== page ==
Today was a difficult day. When I arrived at school, two of my little students, Mawejje and Maamu, were waiting for me with cuts from some broken glass. Another teacher had helped them clean up the blood, but they were waiting for ointment and band-aids. I got out my kit and gloves and tried not to cringe too much as I finished cleaning and bandaging them up. They barely flinched and did not shed a single tear.
Later on, during a lesson on Shapes, one of our boys, Yashire, pulled out a baggie with a spoonful of some white substance and was sharing small pinches of it with his classmates. (I know it sounds like drugs, but I think it was some kind of grain or sugar!) Some bickering and pushing ensued- as they were all very hungry. It is the Monday after a long weekend, and most of them probably hadn’t eaten much at home. My first instinct was to bolt to a local shop and just buy them some breakfast. On second thought, I decided that was probably not best in the long run. There are systems in place and I don’t want to disturb the order of things. I am the rookie outsider here.
A few minutes later, Teacher R. came to share a slice of cake she had saved from her graduation party, and they were delighted! She gave each child about one square centimeter. I expected them to immediately devour the bites, but most of them put the tiny pieces of cake into their pockets and ate them a few crumbs as a time. Then, when some had finished theirs, the others shared some crumbs with them. Then they started to fight over the crumbs again.
Obviously, this made for very little learning, except by me. What an eye-opener. I am humbled. I am heartbroken. And I am feeling a little hopeless at the moment. There is so much to be done! How do we prioritize all these needs? Some days, I feel like I am hardly contributing at all. Then I remember that God put me here...right here! He has a reason. I know that for now, my job is to show up and be their Teacher Sarah.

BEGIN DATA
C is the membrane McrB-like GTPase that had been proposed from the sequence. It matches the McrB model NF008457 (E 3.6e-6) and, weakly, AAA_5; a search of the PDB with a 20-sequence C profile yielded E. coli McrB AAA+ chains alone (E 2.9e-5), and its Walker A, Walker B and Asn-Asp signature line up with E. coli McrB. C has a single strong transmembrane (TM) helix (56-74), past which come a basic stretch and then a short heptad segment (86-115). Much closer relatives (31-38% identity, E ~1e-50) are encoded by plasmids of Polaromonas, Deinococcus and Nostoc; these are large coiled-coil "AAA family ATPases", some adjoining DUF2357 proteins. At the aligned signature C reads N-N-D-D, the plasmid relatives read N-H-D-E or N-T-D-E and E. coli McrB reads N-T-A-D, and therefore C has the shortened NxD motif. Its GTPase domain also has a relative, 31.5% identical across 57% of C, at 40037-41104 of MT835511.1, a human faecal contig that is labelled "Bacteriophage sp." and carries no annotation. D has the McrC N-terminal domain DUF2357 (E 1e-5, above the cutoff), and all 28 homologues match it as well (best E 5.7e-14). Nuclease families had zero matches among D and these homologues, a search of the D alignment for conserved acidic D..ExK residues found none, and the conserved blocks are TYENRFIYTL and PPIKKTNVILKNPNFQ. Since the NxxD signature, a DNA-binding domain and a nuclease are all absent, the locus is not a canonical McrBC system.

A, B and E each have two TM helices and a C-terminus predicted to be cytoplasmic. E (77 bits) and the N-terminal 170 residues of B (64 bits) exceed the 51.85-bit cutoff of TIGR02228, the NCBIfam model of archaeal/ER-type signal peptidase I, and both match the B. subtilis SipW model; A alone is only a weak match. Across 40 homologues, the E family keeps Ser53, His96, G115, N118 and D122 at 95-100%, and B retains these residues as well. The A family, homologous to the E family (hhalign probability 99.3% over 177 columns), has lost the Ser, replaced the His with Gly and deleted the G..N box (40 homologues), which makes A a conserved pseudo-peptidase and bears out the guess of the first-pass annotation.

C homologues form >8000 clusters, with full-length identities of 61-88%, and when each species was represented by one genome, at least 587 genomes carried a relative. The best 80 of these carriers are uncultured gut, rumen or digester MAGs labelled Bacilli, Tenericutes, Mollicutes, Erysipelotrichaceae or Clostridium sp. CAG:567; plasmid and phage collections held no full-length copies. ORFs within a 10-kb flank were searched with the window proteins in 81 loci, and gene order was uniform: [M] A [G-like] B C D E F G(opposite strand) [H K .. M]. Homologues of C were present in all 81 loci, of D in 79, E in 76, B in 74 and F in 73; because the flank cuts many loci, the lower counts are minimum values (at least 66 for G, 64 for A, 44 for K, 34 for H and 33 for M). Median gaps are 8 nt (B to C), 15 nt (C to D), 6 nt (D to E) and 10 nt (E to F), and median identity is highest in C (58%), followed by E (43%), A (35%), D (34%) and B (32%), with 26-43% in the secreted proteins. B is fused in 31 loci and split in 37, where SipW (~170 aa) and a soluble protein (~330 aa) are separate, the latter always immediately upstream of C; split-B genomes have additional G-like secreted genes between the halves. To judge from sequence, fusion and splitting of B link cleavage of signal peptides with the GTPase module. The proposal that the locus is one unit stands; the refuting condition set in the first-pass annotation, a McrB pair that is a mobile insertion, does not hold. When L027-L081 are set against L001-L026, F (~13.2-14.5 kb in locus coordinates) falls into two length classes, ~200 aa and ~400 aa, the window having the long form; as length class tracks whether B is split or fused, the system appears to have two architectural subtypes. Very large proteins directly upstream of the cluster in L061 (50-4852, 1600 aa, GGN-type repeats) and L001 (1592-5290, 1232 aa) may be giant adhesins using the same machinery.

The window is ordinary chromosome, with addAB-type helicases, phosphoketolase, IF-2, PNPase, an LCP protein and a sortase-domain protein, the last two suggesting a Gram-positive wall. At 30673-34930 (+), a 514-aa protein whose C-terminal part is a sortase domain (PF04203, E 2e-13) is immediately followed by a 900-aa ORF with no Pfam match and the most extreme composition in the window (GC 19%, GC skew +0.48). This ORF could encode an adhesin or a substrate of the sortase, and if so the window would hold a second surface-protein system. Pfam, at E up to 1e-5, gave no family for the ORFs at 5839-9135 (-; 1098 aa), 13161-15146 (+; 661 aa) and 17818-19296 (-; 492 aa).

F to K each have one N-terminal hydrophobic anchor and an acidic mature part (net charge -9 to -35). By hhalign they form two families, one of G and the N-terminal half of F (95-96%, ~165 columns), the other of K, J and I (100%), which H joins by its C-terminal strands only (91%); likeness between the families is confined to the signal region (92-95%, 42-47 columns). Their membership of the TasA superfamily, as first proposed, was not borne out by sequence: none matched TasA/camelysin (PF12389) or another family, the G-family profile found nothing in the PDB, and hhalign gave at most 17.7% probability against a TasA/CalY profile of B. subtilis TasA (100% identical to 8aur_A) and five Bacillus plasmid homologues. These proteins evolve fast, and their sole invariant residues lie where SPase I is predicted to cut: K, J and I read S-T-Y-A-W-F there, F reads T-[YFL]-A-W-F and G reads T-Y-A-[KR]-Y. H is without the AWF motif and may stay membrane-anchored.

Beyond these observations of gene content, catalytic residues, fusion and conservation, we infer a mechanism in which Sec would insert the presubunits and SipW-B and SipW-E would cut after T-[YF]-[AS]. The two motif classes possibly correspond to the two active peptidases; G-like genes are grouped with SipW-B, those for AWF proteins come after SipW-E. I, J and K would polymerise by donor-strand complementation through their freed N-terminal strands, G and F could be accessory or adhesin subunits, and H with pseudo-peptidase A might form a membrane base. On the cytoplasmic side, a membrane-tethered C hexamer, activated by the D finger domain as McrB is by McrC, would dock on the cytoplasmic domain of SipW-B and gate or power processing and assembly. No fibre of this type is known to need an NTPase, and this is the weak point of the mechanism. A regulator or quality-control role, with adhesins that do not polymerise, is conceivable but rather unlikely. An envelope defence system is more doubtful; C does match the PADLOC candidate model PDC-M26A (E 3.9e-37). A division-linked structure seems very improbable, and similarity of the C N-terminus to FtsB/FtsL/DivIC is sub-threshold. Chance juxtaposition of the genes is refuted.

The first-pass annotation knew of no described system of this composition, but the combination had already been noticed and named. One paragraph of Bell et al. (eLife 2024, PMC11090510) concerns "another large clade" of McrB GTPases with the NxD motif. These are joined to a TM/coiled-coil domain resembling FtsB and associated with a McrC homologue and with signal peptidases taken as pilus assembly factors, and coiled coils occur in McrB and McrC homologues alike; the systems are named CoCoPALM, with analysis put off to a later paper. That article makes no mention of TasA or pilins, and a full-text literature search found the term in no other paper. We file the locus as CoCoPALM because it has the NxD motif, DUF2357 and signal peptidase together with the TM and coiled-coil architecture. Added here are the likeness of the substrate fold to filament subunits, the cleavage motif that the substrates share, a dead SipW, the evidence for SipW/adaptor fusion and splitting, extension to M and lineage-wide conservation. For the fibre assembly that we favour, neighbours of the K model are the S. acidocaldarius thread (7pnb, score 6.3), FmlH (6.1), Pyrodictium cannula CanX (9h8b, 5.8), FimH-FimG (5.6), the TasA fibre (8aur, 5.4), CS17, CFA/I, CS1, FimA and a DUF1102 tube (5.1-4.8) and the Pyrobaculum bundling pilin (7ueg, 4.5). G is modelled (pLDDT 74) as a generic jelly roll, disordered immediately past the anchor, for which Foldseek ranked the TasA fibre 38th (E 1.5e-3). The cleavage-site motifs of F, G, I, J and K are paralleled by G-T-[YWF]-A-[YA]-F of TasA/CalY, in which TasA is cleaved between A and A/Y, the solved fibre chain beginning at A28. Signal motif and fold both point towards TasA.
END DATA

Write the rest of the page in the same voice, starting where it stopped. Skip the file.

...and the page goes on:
So, the day consisted of me giving a lot of hugs, breaking up a lot of fights, and sticking on a lot of band-aids. And I suppose that those things are more important than triangles, the letter H, and 2+2.
Well, we’ve been here for one month. I think it’s time for an update on the kids!
Daddy and Mommy take turns working at the school each day, while Andy and Bethany spend most of their time playing, eating, and sleeping at home. We brought some favorites from America, so the kids still get to play with their Duplos, stuffed animals, stacking cups, books, etc. They are also becoming good laundry helpers!
When we are feeling the need to burn off some energy, we take the children to one of the playgrounds in town, which are at the malls and a few outdoor restaurants in the area.
This boy is really into music and signing right now. "Peas Porridge Hot," "Happy Birthday," and "Jesus Loves Me" top the charts in this house! He also loves reading books and is working on learning letter sounds. He is fascinated by the chickens, goats, and cows on the property and has picked up the Luganda words for them! Vacuums and Clocks have dropped off ACE’s priority list because we don’t have them here.
Baby B is a full time walker now, and loves trying on all her shoes! She also loves opening and closing anything with a latch, snap, or Velcro. Bethy can say a few words (Mama, Dada, thanks, hi), but does most of her communicating through hand signs. When she hears music, she does an adorable little jig and makes everyone laugh!
On the Menu:
We are blessed with good eaters! They eat a lot of fruits, pasta, potatoes, bread, and eggs here. If it is peeled or cooked, it is generally safe to eat. We’ve recently found some healthy brands of dairy products (Kiira Jersey & Jesa), so they are now enjoying yogurt and milk again! We don’t eat a lot of meat here, so we get most of our protein from beans and eggs. They have also sampled typical Ugandan foods like matooke, chipatis, and samosas, which they enjoy.
I have chosen to continue breastfeeding Bethany in efforts to ensure her nutritional needs are met. I’ve been hiding our pediatrician-recommended vitamins and calcium supplements in their food as well. So, just in case they aren’t getting all the same nutrients they were in the States, we’re covered! But, truth-be-told, I think they are eating healthier now!